My father was a very great designer and completely confident with his use of color and pattern he had a fearless relationship with pink, scarlet and orange he woke up the quiet drawing rooms of England blew away the cobwebs and let the world know about it. He was a voracious explorer discovering architectural wonders and surprises. He never thought once that a gate marked private actually meant private, he would take us, as children, on grand tours around Europe. My brother paid full attention whilst my sister and I dreamt of ponies. Growing up throughout our homes there were tablescapes of various items my father claimed to have coined this term which describes arrangements of objects in decorative groups, my father’s tablescapes might range from a collection of blue lapis lazuli, enamel, pottery to pink Indian rose quartz carved animals and snuffboxes. I have less access to such sensational objects but I um as determined to tablescape as my father was I can begin with one object of a certain color and add others around it a book bound in red linen on top of which I will place a red glass vase beside a red piece of coral and so forth and so on first time new paragraph Almost anything and anything everything can make An interesting object I have even used my mother’s swimming caps displayed under a Perspex box almost like pop art topiary.
What has your mother taught you about style?
My mother says she knew there was absolutely no point getting involved in decorating since she lived with David Hicks and his imposing eye, although of course my mother’s mother was one of the great stylish women of England and my mother is always dressed impeccably. She was quite shocked at how few people were wearing black gloves at The Queens Funeral.
You recently married your long-term partner David Flint Wood – what have you learnt about what it takes to create lasting love?
After such a bewildering 18 months of COVID I felt a longing for something reassuring, something anchoring, not only for me but for my kids, who like everyone else have been shaken by the pandemic. “Let’s get married” I suggested to David one evening. David had asked me to marry him 25 years ago when I discovered I was pregnant with our son Felix but being in my fiercely independent woman phase I never accepted, although I strongly felt that Felix and our children who would follow should carry his name, except of course Wesley, our adopted son, who arrived in our lives already named.
The service had all the English wedding trimmings, complete with the choir and an organist to lead us through a series of uplifting hymns, my son Conrad read a moving passage by Morgan Harper Nichols, an African American Christian writer ,that ends with the words: ‘And I hope this reminds you, your story is far from finished yet and you are allowed to find peace here, even before you know what happens next.’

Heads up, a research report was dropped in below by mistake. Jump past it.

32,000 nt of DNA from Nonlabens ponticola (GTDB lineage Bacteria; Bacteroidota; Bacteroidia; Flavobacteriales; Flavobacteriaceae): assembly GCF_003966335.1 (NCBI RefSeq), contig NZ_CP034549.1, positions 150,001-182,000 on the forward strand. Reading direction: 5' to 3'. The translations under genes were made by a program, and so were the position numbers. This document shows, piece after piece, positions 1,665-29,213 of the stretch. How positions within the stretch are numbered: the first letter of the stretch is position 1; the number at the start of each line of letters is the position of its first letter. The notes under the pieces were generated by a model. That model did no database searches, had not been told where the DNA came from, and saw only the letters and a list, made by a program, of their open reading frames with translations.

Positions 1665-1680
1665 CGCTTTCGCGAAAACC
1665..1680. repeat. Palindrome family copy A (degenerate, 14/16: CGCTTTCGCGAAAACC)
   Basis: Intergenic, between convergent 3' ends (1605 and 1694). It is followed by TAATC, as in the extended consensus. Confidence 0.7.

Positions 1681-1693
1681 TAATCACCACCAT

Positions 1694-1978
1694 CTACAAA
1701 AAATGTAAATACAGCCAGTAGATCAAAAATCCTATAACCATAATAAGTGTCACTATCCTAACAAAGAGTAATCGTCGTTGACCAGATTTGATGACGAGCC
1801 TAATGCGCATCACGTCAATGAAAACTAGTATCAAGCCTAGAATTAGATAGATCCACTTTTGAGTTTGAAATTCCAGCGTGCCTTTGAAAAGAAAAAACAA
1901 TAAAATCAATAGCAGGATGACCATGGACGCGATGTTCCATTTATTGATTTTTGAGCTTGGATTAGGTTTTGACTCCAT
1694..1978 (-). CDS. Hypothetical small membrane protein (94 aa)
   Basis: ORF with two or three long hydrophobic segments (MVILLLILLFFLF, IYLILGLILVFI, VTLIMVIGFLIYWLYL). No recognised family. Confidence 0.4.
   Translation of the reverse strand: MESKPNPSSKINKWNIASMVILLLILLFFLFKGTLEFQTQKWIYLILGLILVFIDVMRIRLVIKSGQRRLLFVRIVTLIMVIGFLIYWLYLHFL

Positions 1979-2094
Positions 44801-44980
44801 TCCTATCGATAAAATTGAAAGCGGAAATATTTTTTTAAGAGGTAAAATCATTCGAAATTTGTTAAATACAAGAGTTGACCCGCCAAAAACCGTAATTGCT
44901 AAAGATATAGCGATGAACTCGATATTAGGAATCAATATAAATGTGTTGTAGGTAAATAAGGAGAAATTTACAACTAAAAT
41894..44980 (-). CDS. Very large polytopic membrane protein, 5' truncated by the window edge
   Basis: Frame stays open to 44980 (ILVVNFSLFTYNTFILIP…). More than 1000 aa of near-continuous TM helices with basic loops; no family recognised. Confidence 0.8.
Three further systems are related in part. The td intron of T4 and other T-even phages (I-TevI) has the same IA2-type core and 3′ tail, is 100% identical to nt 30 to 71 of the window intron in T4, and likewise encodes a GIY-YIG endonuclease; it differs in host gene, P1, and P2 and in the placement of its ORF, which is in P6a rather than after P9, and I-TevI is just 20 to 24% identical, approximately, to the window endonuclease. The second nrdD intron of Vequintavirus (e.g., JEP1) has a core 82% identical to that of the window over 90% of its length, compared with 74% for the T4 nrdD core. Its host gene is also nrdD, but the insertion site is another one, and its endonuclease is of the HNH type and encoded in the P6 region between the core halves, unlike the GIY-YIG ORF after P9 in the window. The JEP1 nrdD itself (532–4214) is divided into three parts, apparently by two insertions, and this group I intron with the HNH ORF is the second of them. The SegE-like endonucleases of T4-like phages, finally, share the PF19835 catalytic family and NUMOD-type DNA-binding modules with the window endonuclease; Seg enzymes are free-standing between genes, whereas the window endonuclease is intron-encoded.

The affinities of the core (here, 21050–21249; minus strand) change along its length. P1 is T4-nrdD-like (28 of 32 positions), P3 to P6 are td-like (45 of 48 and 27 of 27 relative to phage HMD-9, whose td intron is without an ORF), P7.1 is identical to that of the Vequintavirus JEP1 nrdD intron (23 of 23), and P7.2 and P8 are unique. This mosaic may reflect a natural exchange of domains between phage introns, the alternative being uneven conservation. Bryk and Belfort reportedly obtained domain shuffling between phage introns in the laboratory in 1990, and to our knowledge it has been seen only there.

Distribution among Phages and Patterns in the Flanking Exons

A lasting memory was noticing my fingers entwined in David’s and on one a new simple gold and diamond wedding band, which we had chosen together in Paris a few months earlier on the inside of which David had secretly organized an engraving with the words ‘amore vincit omnia’. Love conquers all.
You’ve recently launched collaborations with brands such as Penelope Chilvers – what excites you so much about products and where do these collaborations begin?
I used to work with a tribe of smart, hardworking women who came together and created a community and a company called India Hicks inc, and for six years I travelled around America with this direct sales business but the difficulties faced as a young brand proved to be too much to overcome even with the creativity loyalty and unwavering spirit of the beloved women who were our ambassadors and so we thoughtfully wound down the business taking along the gifts of life lived, lessons learned and true friendships made. It took me some time to recover from this, but I was able to reemerge finally and begin a new chapter working with smaller more intimate brands, collaborating on collections of beautiful products from handmade leather goods for Tusting, to hand block printed tabletop linens, for Pomegrante Inc, luxury resort-wear dresses, for Hester Bly and boots and shoes made by artisans in Spain for the indomitable Penelope Chilvers. I was also able to become heavily involved with two philanthropic endeavors as a patron for The Prince’s Trust and sitting on the executive board for Global Empowerment Mission and with whom I have been to Ukraine 3 times since the invasion and although these foundations often highlight the despair of so many, they also bring stories of hope.
Your career has had many chapters – do you have a favourite?
There are many career chapters that have made me stronger and hopefully a little bit wiser, but my role as an adoptive Mum is probably the one that makes me feel most complete, these words say it all:
Not flesh of my flesh,
Nor bone of my bone,
But still, miraculously my own,
Never forget for a single minute
You grew not under my heart but in it.
And what has been the most challenging chapter and why?
Closing my India Hicks Inc business. Humbling to the core.
Finally, you recently visited Australia. What did you make of Australian style?
Both Domino, my 15-year-old assistant and I, fell in love with Australia. It was not my first visit, but it was my first visit in a while. Everyone and everything made us happy. And we admired the Aussie style wherever we went whether it was Paul Bangays breathtaking garden to cruising around the Sydney harbor in the company of Georgie Abay and her Grace Tales crew of stylish accomplished women.
We took home with us so many memories from this trip, but the most profound of all was perhaps seeing wild koalas as we climbed hanging rock, surrounded by countryside stretching away for miles and feeling rather spiritual as we reached the top of this 6-million-year-old rock formation. Thank you, Australia.